As of January 27 (today) we have agreed with a local company called Polyvim.ge to recycle single-use plastic waste from both internal daily routine, and that from our tours. They will be coming to collect it from our office on a monthly basis.
Local food only. This is actually very easy in our country ? Natural fruits and vegetables, organic farm-to-table cuisine are among our USP’s. All food inclusions on our tours are either local farmers produce or within small family run rural cafes. When in Tbilisi, capital city, we partner with local restaurants that in turn are provided by local growers, and food producers.
In addition to that – every client of ours is welcomed by complimentary seasonal fruit plate and local wine in their hotel room upon arrival.
Treepex organization in Georgia runs a number of reforestation initiatives. Number of Georgian forests suffered from wildfires in 2018-2019. Including areas of Borjomi and Adjameti. We have approached them in the beginning of last year and offered our contribution to support reforestation of Adjameti protected areas. Rehabilitation of Georgian oak in particular. We allocate funds on the following scheme:
- every time we reach 100 confirmed travelers limit we allocate 15 GEL (Georgian Lari) per tree for 100 trees to be planted. 1500 GEL in total.
We support Treepex organizations’ “Georgian oak rehabilitation” initiative by putting aside a percentage of our income from the tours.
We prioritize those with higher level of environmental awareness among local service providers.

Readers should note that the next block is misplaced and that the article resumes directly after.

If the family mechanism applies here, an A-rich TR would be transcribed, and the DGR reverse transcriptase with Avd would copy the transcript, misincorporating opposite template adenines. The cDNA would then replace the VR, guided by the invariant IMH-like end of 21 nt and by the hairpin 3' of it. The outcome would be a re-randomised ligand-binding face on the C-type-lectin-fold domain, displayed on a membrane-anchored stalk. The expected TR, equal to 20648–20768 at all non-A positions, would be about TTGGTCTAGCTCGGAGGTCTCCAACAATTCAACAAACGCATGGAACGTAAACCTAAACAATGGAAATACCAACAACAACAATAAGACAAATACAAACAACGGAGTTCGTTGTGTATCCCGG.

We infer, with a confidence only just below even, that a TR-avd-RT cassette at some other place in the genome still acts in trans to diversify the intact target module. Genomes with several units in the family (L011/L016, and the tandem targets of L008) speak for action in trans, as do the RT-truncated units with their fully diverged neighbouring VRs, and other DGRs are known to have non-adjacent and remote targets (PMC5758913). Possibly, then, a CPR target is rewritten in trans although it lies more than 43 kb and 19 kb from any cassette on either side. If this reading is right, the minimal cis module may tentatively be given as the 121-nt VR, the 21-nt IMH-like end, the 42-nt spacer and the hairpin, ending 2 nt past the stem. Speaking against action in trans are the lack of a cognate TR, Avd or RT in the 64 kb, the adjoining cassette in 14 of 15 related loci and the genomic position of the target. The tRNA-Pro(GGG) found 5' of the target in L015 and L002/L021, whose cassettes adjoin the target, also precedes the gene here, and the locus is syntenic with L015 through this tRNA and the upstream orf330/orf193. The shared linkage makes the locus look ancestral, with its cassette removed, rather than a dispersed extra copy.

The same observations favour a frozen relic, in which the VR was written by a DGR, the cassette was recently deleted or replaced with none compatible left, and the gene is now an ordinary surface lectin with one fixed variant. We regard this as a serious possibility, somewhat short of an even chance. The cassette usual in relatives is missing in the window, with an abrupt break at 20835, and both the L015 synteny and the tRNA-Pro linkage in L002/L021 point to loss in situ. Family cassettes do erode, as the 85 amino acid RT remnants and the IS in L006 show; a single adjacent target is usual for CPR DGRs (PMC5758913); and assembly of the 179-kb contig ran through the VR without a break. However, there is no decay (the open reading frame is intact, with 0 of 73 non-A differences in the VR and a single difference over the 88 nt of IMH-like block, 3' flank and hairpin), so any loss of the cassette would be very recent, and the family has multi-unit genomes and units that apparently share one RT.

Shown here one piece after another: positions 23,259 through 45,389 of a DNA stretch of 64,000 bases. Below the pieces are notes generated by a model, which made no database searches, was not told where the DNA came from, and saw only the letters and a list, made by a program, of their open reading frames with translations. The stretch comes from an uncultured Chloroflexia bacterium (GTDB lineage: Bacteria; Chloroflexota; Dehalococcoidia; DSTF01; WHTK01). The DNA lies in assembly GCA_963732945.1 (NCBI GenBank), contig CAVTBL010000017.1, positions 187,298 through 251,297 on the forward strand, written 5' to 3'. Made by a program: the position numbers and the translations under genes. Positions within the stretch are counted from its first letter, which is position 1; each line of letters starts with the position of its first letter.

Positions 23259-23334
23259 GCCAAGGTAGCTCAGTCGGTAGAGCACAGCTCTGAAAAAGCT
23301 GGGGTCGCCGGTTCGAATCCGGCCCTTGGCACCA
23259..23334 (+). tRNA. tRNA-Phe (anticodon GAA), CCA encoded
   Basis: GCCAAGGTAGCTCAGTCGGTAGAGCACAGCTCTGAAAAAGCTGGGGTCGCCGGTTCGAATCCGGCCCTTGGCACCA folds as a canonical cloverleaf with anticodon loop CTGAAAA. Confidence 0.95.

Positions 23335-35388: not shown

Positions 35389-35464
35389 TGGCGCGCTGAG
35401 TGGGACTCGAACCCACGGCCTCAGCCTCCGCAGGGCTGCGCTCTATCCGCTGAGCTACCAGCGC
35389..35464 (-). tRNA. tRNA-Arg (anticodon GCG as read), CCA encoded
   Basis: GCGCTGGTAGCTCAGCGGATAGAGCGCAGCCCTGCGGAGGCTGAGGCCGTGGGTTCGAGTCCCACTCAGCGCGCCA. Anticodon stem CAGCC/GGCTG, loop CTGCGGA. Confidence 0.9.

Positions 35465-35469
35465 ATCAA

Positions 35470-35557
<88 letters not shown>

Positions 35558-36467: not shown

We aim to support the MyWine project of conservation and development of limited indigenous vines in Georgia.
We aim to support “Travel with Impact” initiative in Georgia by Sustainable rural development international LTD.
We have already made a number of joint tours. Sustainable Rural development company has a number of projects in Georgia. One of them is in the village of Nukriani in Georgia. They support local artisans making woven products. This project visit is included into our two major tour products we offer. Last year showed an increased interest in this area, and feedbacks we received proved for it to be a great decision.
Apart from our guides speaking about local customs, dress-code requirements in certain places, as well as behavior traditions we do not communicate this separately.
Apart from our dedicated tour guides, each local community visit is accompanied by a local-local for our travelers to get better insights. Usually we partner with small family run guesthouses and/or farms in each community visited, and a representative of the location accompanying tourists providing more detailed information and showing them around.
As mentioned earlier one of this type of locations is a village of Nukrinani. Apart from that we have two more specific destinations that we try promote separately – farm village called Atskuri in the South-West of the country; and a community of Tsitelmta, tea-growing region of Georgia.